Cake Method: Converting Any Decimal Number to Any Base Number Using Repeated Short Division

When I was your children’s age and I discovered the short division method, I became entranced with dividing any number by 2 and then dividing that quotient by 2 and so on. I began dividing each number right on top of the other and it resembled a multi-tiered cake. 


I then noticed that the remainders of 1 and 0 formed the binary base 2 conversion of the decimal number first divided by 2. I thought maybe this was a coincidence so I divided a decimal number by 3 and that quotient by 3 and so on and looked at that group of remainders and noticed that it too formed the base 3 conversion of the original decimal number.


Sure enough, this “cake method” would convert any decimal number to any base desired by repeated divisions and looking at the resulting remainders top down.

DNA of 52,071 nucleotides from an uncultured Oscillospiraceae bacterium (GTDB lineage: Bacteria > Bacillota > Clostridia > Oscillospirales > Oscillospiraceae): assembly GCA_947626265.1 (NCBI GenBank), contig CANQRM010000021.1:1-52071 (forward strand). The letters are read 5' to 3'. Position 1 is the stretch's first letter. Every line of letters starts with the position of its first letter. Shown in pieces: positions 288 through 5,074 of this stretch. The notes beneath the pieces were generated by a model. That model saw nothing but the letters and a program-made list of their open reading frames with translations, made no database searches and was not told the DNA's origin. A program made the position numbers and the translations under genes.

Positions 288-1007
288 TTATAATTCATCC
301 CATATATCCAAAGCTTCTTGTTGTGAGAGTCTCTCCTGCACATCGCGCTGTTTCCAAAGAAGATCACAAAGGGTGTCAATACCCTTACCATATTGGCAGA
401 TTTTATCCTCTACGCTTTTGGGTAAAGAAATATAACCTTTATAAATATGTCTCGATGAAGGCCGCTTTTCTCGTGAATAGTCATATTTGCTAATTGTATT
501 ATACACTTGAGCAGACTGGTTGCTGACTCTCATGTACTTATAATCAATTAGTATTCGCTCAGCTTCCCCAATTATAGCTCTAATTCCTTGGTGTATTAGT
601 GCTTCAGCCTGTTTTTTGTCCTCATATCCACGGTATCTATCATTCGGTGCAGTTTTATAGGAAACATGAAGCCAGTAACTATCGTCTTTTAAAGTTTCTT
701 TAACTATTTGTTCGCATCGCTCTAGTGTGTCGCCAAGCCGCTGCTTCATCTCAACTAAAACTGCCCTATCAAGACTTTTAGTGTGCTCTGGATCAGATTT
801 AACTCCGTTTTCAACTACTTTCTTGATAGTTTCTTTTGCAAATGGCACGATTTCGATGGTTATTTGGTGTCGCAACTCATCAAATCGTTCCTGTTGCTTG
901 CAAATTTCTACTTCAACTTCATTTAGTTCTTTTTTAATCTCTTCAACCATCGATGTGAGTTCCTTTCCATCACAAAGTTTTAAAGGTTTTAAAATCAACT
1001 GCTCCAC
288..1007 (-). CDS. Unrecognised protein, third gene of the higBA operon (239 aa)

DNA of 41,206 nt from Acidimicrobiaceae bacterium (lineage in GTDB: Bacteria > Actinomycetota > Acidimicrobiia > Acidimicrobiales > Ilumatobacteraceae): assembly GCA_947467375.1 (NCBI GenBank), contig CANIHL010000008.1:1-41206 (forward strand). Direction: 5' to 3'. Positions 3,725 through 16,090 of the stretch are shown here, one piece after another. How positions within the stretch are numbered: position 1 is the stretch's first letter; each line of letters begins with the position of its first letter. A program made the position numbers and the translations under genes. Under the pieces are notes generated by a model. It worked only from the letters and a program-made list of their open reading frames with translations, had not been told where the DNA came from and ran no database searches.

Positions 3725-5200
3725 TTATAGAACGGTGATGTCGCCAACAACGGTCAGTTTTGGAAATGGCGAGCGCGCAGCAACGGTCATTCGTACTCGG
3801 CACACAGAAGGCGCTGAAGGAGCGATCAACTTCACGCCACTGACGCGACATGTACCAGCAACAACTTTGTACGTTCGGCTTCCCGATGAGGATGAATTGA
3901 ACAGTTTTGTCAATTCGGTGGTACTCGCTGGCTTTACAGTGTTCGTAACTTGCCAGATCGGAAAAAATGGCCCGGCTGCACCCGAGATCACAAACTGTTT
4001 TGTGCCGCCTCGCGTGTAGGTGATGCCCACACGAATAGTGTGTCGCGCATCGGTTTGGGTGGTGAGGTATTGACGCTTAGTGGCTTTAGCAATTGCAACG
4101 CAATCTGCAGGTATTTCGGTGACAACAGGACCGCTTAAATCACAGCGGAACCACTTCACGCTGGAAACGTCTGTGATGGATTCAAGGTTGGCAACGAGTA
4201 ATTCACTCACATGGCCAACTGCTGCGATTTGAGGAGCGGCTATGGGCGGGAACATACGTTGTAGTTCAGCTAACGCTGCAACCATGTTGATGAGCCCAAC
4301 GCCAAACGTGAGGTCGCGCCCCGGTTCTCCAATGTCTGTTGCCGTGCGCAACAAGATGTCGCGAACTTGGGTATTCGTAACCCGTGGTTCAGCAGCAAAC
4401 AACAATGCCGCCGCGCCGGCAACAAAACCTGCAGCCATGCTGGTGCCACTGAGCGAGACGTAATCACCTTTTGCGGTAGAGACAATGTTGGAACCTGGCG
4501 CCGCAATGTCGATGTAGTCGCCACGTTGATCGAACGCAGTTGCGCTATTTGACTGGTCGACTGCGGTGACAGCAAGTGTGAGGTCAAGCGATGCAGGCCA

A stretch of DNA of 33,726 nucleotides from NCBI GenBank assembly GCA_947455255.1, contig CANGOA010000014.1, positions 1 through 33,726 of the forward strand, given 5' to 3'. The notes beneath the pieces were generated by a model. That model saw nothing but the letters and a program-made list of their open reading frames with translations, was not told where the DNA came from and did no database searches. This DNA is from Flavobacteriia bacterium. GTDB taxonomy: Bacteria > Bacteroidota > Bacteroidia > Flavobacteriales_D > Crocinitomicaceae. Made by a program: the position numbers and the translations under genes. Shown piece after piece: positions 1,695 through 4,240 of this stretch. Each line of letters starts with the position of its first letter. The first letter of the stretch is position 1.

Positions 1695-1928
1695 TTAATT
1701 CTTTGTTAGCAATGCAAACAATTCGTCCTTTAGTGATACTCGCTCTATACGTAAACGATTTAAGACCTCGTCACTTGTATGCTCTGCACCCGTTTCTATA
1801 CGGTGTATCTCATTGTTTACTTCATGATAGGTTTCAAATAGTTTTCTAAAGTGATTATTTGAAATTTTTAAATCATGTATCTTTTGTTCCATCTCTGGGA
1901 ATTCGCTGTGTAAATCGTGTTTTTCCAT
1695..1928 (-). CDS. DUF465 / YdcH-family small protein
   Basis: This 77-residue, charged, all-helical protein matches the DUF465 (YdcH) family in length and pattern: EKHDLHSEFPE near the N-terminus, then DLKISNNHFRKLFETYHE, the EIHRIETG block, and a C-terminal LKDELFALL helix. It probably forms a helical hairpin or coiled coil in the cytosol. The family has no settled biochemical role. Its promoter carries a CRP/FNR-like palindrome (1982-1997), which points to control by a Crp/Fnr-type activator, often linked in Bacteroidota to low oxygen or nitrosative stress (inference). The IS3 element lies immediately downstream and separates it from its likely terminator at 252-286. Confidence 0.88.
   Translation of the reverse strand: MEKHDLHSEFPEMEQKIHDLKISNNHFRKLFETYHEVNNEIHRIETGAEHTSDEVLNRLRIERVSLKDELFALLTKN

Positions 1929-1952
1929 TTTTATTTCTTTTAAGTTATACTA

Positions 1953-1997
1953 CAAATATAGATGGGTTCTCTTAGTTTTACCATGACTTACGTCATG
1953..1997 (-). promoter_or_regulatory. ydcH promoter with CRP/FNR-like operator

The attached pdfs challenge the Mathletes to convert decimal numbers of many types to base 2, 3, 5, 8, 9, and beyond.


The purpose of this exercise is to show the Mathletes that explorations or passions of mathematical discoveries can produce remarkable results. The repeated division reinforces division, multiplication, subtraction and audition, while reinforcing the translation of decimal numbers into any base.


Some of my Mathletes even committed to baking actual cakes with icing that would resemble a division problem in tiers to show the cake method.


I hope you enjoy this exploration as much as I did as a child and still do as an educator. 

Cake_Method_Converting_Decimal_to_Any_Base_2-4th..pdf3.44 MB
Cake_Method_Converting_Decimal_to_Any_Base_5th.pdf3.46 MB